Once upon a time in our collective distant memory – or maybe just on TV, which is more or less the same thing – October meant apple cider, jack o’ lanterns, and small children in witch hats toting pillow cases full of candy. Now we know fall has arrived when temporary Halloween stores start popping up in every empty storefront in America – which, in these dismal times, means pretty much everywhere. Go into one of these stores and you will see costumes that can only be described as sexy (unless you prefer the more colloquial “skanky”): sexy nurse, sexy pirate, sexy vampire. On other, less fishnet-heavy rows, you’ll find prisoner costumes, superhero unitards, Freddy Krueger masks, and wigs. Lots and lots of wigs: hippy, Elvis, afro. A few years ago, you could even buy a Kate Gosselin wig.
Another way to know that Halloween is approaching: the newspapers (now that they’re all online, perhaps we should call them “newspapers”) will start running their adults-won’t-grow-up editorials. You know what I’m talking about. Halloween is for children. But now Halloween has become a [fill in the blank with a big number] dollar industry because adults are dressing up. And you know why adults are dressing up? Because they want to be children!
To this, I say, Pfft. Every year on one night in late October, I send my children away and throw an adults-only Halloween bash that some call the party of the year and others, on attending for the first time, tell me is the best party they’ve ever been to. You know why my party is the best? Because there’s no competition! In the darkest depths of suburbia, my Halloween party seems to be one of the few get-togethers that doesn’t involve Round Table pizza, sports trophies, or a Costco veggie tray. Months ahead of time, friends, neighbors, and… whoever else is on the guest list (which has frankly gotten a bit out of control) will ask me if I’ve set a date so they don’t schedule anything else. Sometime around August, people start finalizing costumes.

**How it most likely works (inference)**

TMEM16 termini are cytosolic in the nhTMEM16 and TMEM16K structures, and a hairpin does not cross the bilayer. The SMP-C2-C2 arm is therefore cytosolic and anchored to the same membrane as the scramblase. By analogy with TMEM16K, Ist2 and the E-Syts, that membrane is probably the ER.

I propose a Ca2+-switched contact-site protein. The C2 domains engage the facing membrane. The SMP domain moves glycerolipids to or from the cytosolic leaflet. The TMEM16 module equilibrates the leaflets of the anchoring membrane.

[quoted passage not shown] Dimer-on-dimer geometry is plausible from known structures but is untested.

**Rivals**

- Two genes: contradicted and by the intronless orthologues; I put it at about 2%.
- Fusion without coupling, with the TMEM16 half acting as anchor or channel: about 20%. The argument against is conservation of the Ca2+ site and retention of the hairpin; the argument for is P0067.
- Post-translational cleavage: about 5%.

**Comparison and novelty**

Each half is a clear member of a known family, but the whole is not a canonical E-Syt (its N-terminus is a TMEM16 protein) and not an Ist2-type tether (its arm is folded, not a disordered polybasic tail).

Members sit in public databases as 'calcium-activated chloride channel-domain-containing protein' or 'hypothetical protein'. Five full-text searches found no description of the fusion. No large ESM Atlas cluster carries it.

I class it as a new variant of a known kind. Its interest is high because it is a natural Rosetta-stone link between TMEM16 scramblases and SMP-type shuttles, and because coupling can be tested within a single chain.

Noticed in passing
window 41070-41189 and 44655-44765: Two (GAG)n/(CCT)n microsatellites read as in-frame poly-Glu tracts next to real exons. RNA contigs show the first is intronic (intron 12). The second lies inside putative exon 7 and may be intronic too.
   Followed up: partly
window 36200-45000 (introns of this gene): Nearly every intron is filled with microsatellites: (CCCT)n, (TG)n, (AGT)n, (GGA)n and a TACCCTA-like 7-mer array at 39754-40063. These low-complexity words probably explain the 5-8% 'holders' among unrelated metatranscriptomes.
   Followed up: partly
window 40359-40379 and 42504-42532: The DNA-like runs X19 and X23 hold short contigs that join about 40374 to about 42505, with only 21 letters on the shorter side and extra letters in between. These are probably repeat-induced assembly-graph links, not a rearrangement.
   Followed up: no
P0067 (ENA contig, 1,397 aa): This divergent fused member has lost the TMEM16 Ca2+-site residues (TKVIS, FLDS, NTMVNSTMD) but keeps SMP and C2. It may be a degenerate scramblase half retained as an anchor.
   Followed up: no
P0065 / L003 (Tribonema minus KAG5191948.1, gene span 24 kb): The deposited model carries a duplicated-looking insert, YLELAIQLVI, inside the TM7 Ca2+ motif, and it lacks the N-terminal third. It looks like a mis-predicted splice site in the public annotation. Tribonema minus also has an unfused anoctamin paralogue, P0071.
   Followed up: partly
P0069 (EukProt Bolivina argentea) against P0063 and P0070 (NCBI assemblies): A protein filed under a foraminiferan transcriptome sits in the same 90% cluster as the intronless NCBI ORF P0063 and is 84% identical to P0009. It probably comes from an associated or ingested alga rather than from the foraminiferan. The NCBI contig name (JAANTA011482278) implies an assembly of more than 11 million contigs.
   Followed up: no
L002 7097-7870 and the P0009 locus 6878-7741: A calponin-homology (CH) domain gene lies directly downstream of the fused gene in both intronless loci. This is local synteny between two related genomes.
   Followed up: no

A friend once gave me sage party advice: As long as the food is good and the bathrooms are clean, nothing else really matters. The first time I threw my Halloween party, I – along with some friends armed with power tools – filled my yard with over twenty-five jack o ‘lanterns. Now I settle for two or three. (Have you ever tried disposing of twenty-five jack o’lanterns in a warm climate? Not pretty.) I’ve accumulated plenty of decorations over the years, but the real scenery is costumes. Queen Elizabeth. Andy Warhol. Kate Gosselin. Sexy pirate. Another sexy pirate. The food is always good. More to the point, the alcohol is plentiful. One time a cub scout leader dressed as Courtney Love stayed in character for the entire evening. Another year a baseball coach disguised as Richard Simmons led an exercise class. “Richard” felt embarrassed after the fact. “Courtney” did not.